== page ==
A town in central Kentucky had a Confederate flag on its city logo. That may have changed.


Last week, the Perryville City Council voted to form a committee to work on the redesign of the city’s logo. It now contains an image of the Confederate flag.

The Perryville logo is topic At a parliamentary meeting in May, when city councilman Tim Simpson proposed to raise the flag of Perryville between the American flags hanging on Second Avenue, according to a post on the city’s Facebook page.

In an interview Tuesday, city councilman Kelly Gray said, “I didn’t even think about what it was and what it would look like until I looked closely at the city logo that night. ..

“I saw the flag and thought,’Oh, I can’t do that,'” she said.

The logo features the words “Battle of Perryville on October 8, 1862,” and a circular landscape painting that includes a cannon and flags of the United States and Confederates. Large images of both flags are adjacent to a circular landscape.

Perryville, Boyle County, was the battlefield of the Civil War, killing, injuring, or missing more than 7,600 soldiers.Today’s battlefield State historic site Popular with history lovers.

Gray said the current city flag represents the battlefield and its associated history rather than the city of Perryville.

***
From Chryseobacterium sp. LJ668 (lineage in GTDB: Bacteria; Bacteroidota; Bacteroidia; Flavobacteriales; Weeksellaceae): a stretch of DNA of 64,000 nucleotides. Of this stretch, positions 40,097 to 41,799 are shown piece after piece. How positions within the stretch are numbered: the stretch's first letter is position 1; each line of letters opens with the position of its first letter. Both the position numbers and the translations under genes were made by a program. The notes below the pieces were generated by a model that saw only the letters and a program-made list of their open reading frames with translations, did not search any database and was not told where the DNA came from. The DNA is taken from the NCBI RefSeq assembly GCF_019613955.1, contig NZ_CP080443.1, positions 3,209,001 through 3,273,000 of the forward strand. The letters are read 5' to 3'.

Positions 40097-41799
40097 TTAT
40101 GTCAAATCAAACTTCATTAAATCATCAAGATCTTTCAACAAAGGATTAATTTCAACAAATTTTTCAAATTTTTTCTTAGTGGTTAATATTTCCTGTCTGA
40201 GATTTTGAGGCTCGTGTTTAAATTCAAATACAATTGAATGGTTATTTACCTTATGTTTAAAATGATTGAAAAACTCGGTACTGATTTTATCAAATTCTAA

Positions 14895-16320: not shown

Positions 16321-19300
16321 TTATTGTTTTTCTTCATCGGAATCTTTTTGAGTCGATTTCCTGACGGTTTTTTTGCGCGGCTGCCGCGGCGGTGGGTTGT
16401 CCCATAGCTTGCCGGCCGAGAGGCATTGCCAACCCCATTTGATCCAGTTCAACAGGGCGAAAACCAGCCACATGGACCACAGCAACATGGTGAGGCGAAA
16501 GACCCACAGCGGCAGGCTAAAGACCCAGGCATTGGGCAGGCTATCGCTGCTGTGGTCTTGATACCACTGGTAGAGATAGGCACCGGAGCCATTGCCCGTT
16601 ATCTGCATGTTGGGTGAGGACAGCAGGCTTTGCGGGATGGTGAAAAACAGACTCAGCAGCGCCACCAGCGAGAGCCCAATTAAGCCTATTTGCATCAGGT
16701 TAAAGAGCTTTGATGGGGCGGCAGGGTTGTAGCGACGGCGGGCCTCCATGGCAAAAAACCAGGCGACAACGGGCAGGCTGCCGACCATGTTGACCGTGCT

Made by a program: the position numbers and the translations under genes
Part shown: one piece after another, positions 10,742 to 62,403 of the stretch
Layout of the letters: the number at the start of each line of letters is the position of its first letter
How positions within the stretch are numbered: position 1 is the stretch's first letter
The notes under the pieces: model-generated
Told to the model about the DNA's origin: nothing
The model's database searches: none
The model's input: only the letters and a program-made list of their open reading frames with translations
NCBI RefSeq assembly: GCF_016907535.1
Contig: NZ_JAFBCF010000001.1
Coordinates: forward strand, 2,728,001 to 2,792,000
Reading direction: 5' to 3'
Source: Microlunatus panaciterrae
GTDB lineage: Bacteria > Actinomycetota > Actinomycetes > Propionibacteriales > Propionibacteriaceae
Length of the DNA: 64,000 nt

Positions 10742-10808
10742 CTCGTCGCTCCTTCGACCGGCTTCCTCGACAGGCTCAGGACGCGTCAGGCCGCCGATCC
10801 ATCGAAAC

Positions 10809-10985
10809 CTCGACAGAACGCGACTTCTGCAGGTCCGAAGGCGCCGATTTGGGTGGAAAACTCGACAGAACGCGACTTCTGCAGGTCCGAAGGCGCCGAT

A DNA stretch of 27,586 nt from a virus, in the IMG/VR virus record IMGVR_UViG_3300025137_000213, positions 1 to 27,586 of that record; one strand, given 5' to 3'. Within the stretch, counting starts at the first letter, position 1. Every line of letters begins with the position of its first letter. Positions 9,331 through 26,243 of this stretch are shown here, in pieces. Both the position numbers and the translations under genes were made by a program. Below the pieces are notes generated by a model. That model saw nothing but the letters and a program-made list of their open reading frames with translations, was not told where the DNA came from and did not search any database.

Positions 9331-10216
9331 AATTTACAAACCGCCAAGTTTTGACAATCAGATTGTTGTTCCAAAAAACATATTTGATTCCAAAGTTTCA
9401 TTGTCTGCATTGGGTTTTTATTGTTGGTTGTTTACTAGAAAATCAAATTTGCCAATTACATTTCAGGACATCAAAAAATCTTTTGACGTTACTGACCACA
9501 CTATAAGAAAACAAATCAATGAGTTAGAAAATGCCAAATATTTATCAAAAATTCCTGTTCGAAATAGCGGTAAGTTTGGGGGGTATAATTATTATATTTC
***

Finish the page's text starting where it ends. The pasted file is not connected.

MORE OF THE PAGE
“As long as it represents our town, it’s not okay,” she said. “It’s not the impression we want to make.”

Gray said there was “a lot of backlash” in her question about the logo.

The city conducted an informal poll on Facebook asking if residents supported raising the city flag. Most people said so.

“That’s really embarrassing,” Gray said. “… People don’t know how it can hurt or offend others.”

“In general, many people have a strong reaction to change,” she said.

Simpson, a council member who initially proposed to raise the city flag in downtown, The motion was withdrawn by the board (Danville) According to Advocate Messenger, last Thursday, Congress made a new motion to set up a committee to work on the new logo, saying that the city designed the original logo many years ago. I suggested that the same person make a new design.

The newspaper reported that the council voted for the new motion 5 to 1. Both Simpson and Gray are on the design committee.

The Council on American-Islamic Relations issued a statement on Tuesday applauding the city council’s vote. Move the Confederate statues in Charlottesville, Virginia., And Remove inscriptions honoring Confederate soldiers On campus at the University of Virginia.

“The Confederate heritage is one of anti-black racism, slavery, and white supremacy, which should be denied, not celebrated or respected.” “Past races We welcome every effort to address discrimination and move towards a more just and equitable society.

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